|County dodges bullet, again |
|Posted: Thursday, March 8, 2012 11:07 am |
| High temperatures Friday were enough to fuel two low-pressure systems that were making their way across the central United States. The wreckage seen on the ground across 10 states was enough to prove the storm systems tracking east that day were nothing to be taken lightly. |
Weakley County Emergency Management Director Jamison Peevyhouse said Friday morning, while the radar appeared relatively insignificant, it is harder to explain to people the potential severity of a system if nothing is visible.
Peevyhouse said Friday’s situation was similar to that of the storm which hit Union University in Jackson a few years ago. High temperatures – in this case, 81 degrees Friday midday – married with convection energy produced from the pair of low-pressure systems created well-formed severe weather.
The biggest threat with Friday’s weather was the updraft created by heat that fed the storm systems. Peevyhouse said he kept a watchful eye on the barely-there radar, which showed little precipitation. From there they expected a few discreet cells to pop up, then within a matter of 15 to 20 minutes, those cells would grow in intensity.
That appeared to be the case across the state, but Weakley County and northwest Tennessee were apparently in Mother Nature’s good graces.
According to the Weakley County Sheriff’s Department, several trees took a hit during a brief thunderstorm Friday afternoon.
Windy conditions and heavy rainfall uprooted trees and snapped branches. The damage reports were minimal, with the exception of an uprooted tree that landed on a home on Davis Street in Martin.
“I was just looking out the front door waiting for things to calm down so I could head to work,” resident James Thomas said. “Next thing I know I’m standing here with a tree on top of my house right where I was sitting in the living room on my lap top minutes earlier.” Thomas walked away without a scratch, as well as his dog Seminole.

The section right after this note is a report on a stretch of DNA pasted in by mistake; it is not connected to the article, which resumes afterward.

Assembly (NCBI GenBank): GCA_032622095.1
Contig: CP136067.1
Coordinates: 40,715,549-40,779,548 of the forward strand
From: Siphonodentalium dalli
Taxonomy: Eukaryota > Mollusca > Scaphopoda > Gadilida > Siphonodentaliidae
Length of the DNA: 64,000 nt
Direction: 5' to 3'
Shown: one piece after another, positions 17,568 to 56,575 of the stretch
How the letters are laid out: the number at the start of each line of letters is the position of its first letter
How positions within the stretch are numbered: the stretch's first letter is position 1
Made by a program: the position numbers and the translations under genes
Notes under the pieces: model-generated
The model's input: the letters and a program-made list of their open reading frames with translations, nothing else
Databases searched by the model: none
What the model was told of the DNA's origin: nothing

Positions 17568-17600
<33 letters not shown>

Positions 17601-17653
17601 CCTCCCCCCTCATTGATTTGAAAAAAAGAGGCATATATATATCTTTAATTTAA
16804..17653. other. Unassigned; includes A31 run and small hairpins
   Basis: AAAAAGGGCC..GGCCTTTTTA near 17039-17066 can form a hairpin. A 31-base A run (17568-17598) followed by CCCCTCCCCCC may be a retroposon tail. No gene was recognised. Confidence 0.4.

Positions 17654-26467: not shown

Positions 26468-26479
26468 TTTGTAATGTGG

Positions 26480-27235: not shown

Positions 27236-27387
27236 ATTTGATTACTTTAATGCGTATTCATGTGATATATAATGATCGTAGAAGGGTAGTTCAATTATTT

“All I can say is that I’m blessed to still be standing here,” Thomas said after the incident. “All the things the tree destroyed are all material stuff.”
Once the storms tracked east across the state, damage became more significant in Middle and East Tennessee.
Between 9:25 a.m. and 7 p.m. that day, there were 75 tornado warnings issued across the state.
No fatalities were reported, but 45 people were injured and transported to nearby hospitals, according to reports issued by the National Weather Service of Memphis.
Statewide, there were 6,675 customers without power in Overton, Bradley, Dickson, Hamilton and McMinn counties.
There has been a state of emergency declared for Tennessee.
According to this week’s forecast, March will apparently continue to roar like a lion.
Today’s high temperature is expected around 65 degrees. Temperatures are expected to inch slightly, with a high of 67 projected Wednesday and 69 degrees Thursday. The heat will more than likely add fuel to a pressure system tracing west across the country.
The NWS is forecasting a 70 percent chance of heavy rain and thunderstorms Thursday, with the chance increasing to 80 percent that evening.
Cooler temperatures are predicted on the heels of the storm system as Friday’s high is forecasted at 57 degrees and Saturday’s high temperature prediction is 58 degrees.